Cquote1 A metaphorical kick in the face for everything the glorious revolution ever sang for! Wait for the torrent. 1 ☭ Cquote2

While former musician, cult icon, sex symbol, facial hair enthusiast and critic, Vladimir Lenin simply responded;

Cquote1 ...[4] Cquote2

However Gorbachev's aging mother summed up the public opinion best;

Cquote1 Oh deary, I tell you what, once he tried to reform my petunias and it sounded twice as good as this. Cquote2

It is also rumored that Actor/very part time politician Ronald Reagan enjoyed the album and stayed awake for a whole cabinet session while listening to it. This is widely considered a fairy story and has been the basis of quite a few Christan children's books.

edit Success

The first few months netted modest sales for the album, nothing overly spectacular but enough to satisfy Gorbachev. A tour was announced with shows planned for Red Square, Kazakhstan, Chernobyl and Afghanistan with support from the Yeltsin back-up dancers. All shows went off without a hitch... except for a slight electrical surge in Chernobyl. Popularity gradually increased, however there was little inclination of what it would soon become - the best selling album of Soviet history.

921597 russia150
Who needs bread when you have the synthetic rhythms of Perestroika? Not these strapping young men!

Three main factors proved to be instrumental in its success;

  1. Thanks in part to the message of freedom and openness in Gorbachev’s follow up album Glasnost, people were finally able to break away from the social constraints of saying they “liked what ever was on the Top 20 charts.” A new era had dawned where people could criticize each other’s musical taste and listen to whatever they felt like without persecution. People quickly embraced this freedom, describing Brezhnev's tunes as "lacking in a certain intrinsic harmony thus failing in its attempt to be melodious or moving" and Andropov as simply "ghey emo shit".
  2. Prior to Perestroika people would gather round the local branch of the Ministry of Noises (regulator of music and pointless atomic blasts 1945 - 1987), listen to whatever was playing at the time and burst into spontaneous Disnesque singing... before being purged or exiled or whatever else they had to do that day. However, now people could actually own their own copy of Perestroika on tape or vinyl and listen to the counter-revolutionary tones whenever they felt like.
  3. The propensity for vengeful grandmothers to curse those around them with maladies, blights and other crap 80s compilation albums for Christmas.

Compelled by the ancient, and now legal, human urge to "upstage thy neighbor" people flocked to buy their own personal copy so as to smear in their neighbor's own personal face... personally.

Factories turned from producing the necessities of steel, oil, bread and mail order brides to churning out copies of Perestroika in an attempt to satisfy demand. Still, this measure was not enough and shortages ensued. Long queues began to form outside stores - people would stand outside for days fending off the bitter cold, ravenous wolves and those people who speak too loudly on their phones, just to get their copy - such was the stubborn determination[5] of the Soviet people.

edit Decline

Perestwinner
All my years of experience have taught me that nothing beats rock, not even that Paristrucker whohaa... These? No, they're filled with delicious milk chocolate.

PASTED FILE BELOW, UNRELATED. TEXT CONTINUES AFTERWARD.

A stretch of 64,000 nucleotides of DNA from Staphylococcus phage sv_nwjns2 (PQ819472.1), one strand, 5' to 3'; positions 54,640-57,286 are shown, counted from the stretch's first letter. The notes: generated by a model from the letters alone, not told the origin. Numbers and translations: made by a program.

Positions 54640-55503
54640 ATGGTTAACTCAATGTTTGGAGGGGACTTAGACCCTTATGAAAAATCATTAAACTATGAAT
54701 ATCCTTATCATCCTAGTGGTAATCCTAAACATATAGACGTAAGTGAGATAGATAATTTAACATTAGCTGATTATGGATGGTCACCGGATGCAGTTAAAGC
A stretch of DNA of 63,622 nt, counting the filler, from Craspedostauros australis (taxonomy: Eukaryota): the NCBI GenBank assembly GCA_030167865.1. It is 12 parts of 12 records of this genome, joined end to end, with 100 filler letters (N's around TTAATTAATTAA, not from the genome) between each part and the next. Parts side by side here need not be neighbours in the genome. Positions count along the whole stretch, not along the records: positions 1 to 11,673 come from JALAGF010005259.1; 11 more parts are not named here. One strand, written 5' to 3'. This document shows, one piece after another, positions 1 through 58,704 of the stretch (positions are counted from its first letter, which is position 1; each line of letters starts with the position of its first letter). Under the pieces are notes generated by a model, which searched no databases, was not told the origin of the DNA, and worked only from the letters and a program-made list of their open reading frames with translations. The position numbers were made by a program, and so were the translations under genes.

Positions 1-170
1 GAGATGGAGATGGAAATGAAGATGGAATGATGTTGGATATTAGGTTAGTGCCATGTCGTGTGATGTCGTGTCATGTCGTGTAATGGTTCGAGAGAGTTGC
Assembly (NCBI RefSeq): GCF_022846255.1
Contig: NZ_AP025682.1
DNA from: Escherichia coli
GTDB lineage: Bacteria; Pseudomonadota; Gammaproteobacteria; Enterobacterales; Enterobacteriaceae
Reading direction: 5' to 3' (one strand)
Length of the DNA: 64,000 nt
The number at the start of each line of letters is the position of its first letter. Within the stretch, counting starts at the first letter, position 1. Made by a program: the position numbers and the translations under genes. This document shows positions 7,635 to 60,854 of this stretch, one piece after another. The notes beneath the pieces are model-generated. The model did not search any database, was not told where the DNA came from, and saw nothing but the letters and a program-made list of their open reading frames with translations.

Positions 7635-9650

The Soviet social system couldn't handle these bulging, sweaty Western egos and promptly fell - with the grace of a steroid pumped East German gymnast - into a sea of self obsessed bickering. Lithuania threatened to run away from home while Azerbaijan vowed to lock itself in the international closet until the USSR realized how artsy and misunderstood its culture was. Estonia was just pissed off the album lacked the tuba.

Such discord was matched within Gorbachev’s band. Though he had been selected as the head of the Supreme Soviet judging panel, many accused Gorbachev of “selling out” after the release of his clichéd anti-alcohol album for children, Alcohols Reform. Yeltsin threatened to split citing “creative differences” and "Gorbachev's tragic accidental death".

Observing such sentiment, then President Ronald Reagan was quick to travel to Berlin and exacerbate the division, though mainly it was just to escape the ravenous glam rockers roaming middle America.

Cquote1 Mr. Gorbachev, if you seek freedom
Mr. Gorbachev, if you seek peace

Mr. Gorbachev, if you seek talentless boybands

Mr. Gorbachev tear down this wall.

Te- te- te- tear it doooowwwwnnnn

Cquote2
Reagan then attempts to break-dance, fails and his credibility is hastily carted off by Republican party aides.
Audience claps once, twice, checks their watches and claps a third time.

So, on December 25, 1991 the Soviet music industry was officially dissolved, split into its various genres that would from then on only ever meet to mock each other's musical tastes (see 2008 South Ossetia Goth v. Metal conflict).

Still, Gorbachev had succeeded. With his model of overexposing a once tolerable song, he had successfully Westernized the Soviet music industry. The age of communism was at an end, the age of sitting alone listening to your iPod like an anti-social douche bag had just begun.

Thus the musical world returned to shitty boy bands. Everything was right.

edit Now

Perestroika has been adapted into several different languages and mediums, arguably most successfully by the Beijing Master Opera and Ballet Company with a slow classic opera, while the Beijing Amateur Shouting and Stumbling Company has vowed to further diminish the album's credibility one very crate-paper covered way or another.

While the album has long been replaced by the modern yet strangely familiar sounds of Put!n and Medvedev the legacy of Perestroika lives on, mainly through typically Russian[6] debates over its musical genre. Most now agree that it is Techno-polka, despite the persistent claims from the Baltic States that it was clearly Disco-folka… though at most music stores it can be found clearly marked under the title of “Bargain Bin”.

edit Footnotes

  1. The same all of everyone that voted in the 2008 elections
  2. A Vodka joke is required to go here by law.
  3. Vodka again
  4. More insightful than most musicians
  5. Begins with V and ends with divorce
  6. Another Vodka?! Don’t you think you’ve had enough for tonight?

edit See Also